Things I've noticed about Utah, so far.

(^ Isn't this drive pretty?^)

I guess I should have expected moving to the other side of the country would come with some culture shock.  There is a lot I can't even put my finger on, its just very different.

The biggest thing is the presence of the Mormon church. They call themselves "LDS" for The Church of Jesus Christ of Latter Day Saints.  Its funny, because I don't think anywhere else its really normal/acceptable to just casually ask someone's religion.  But here people just assume you're LDS so they go ahead and ask.  In Kentucky there are churches everywhere, but a variety. Baptist, Episcopal, Catholic, Christian, Methodist, Presbyterian. Here, there are pretty much only LDS churches.  Like, there will be two right across the street from each other.  I knew they were going to be everywhere, but they are everywhere. I have seen one Baptist church that looked like it met in a gas station, not one Catholic Church or any of the other ones. We searched the Internet and found the Christian churches we've visited so far. But we had to look for them, not like I'm just driving around and come across them. I will say I've pretty much stuck to our area, which is very new, so maybe the older areas aren't like that. 

Speaking of new.  The area we live in is a very newly developed area.  I guess not that long ago, it was all farm land and nothing out here.  Every building around here looks like it's been built in the last 5 years, or else it's completely decrepit. You'll drive through this brand new neighborhood, then pass a house that looks 75 years old with horses in their backyard.  Across the street from the hospital, on a busy street is a house with chickens roaming the front yard.


Because Mormons have such large families, when we were looking for a place to rent we were trying to figure out why everywhere had 5-6 bedrooms.  Haha!  Also on the subject of big families, so many items are sold in bulk here.  In Kentucky you kind of have to go down the bulk aisle or go to Costco.  I'm in Walmart here, like "all I want is a normal size jug of grape juice!"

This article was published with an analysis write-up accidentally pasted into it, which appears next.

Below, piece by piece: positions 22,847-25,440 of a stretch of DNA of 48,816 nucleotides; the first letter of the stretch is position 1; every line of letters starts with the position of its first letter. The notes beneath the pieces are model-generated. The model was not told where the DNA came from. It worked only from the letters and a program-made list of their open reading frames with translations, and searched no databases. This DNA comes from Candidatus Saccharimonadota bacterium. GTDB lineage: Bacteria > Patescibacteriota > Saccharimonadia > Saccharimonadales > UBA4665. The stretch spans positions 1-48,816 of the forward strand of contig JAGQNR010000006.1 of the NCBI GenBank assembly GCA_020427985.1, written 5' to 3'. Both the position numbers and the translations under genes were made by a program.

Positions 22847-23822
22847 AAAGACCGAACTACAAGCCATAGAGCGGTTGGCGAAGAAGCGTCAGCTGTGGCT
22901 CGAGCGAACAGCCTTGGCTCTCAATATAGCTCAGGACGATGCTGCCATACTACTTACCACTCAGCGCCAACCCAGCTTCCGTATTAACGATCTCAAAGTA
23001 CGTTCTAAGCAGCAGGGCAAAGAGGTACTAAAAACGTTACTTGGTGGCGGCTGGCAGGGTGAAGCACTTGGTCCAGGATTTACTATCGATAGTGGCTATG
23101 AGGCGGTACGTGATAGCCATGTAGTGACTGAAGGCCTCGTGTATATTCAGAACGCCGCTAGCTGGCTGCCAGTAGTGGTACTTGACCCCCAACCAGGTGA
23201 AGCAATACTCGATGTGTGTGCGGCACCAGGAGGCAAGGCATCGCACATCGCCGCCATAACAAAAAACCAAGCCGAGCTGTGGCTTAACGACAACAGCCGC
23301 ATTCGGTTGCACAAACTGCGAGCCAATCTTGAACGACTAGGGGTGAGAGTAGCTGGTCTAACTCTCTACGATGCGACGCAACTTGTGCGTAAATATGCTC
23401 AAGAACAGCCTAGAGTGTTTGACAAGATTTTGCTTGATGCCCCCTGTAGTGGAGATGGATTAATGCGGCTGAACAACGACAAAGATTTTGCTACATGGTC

Like I said, Mormons have large families and a lot of them have the mom at home.  I went to Target in the middle of the day and it was crazy how crowded it was.  All of these moms with their 3-5 kids, roaming around.  Seriously, the day I was there I counted 2 moms who had less than 3 kids.  Everyone had a whole brood with them.  And they all seem very well behaved.  Unlike my two, who force me to make lists in order of importance!!

Sadly, I just haven't found that Southern, accomodating vibe.  I feel like, one on one, people are very friendly.  But in general, like walking around Target the other day, no one is just like, "hi, how are you?" or even makes eye contact.  

There are so many fun, kid friendly things to do here!  So many parks and places to go.  There are also countless opportunities to see trains.  Shep is in heaven!

Neighbors all keep their blinds closed.  It is really odd and I don't understand.

No grocery store comes close to Kroger.  I miss you, Kroger!! Don't even get me started on Walmart, the devil.  I go to about 3 different grocery stores every week trying to piece together everything I want.

It never rains here. Everyone has a sprinkler system and waters their lawn every single day. 

I have never been more aware of my accent. Almost everyone comments on it, but not one person has said anything about Joey having one.

Parents are very lax with their kids. Joey took the boys to the neighborhood park one day and sent me a picture of what looked like a two year old crossing the street on her own, with no adults in sight. We went to Target one day and parked next to a van with kids in it, in their car seats, watching movies, with the car running. No adults. I've been to Chic fil A twice and I'm the only parent who goes and sits in the play area. Kids just come and go and there are no adults!

Just a few things off the top of my head that I've noticed!
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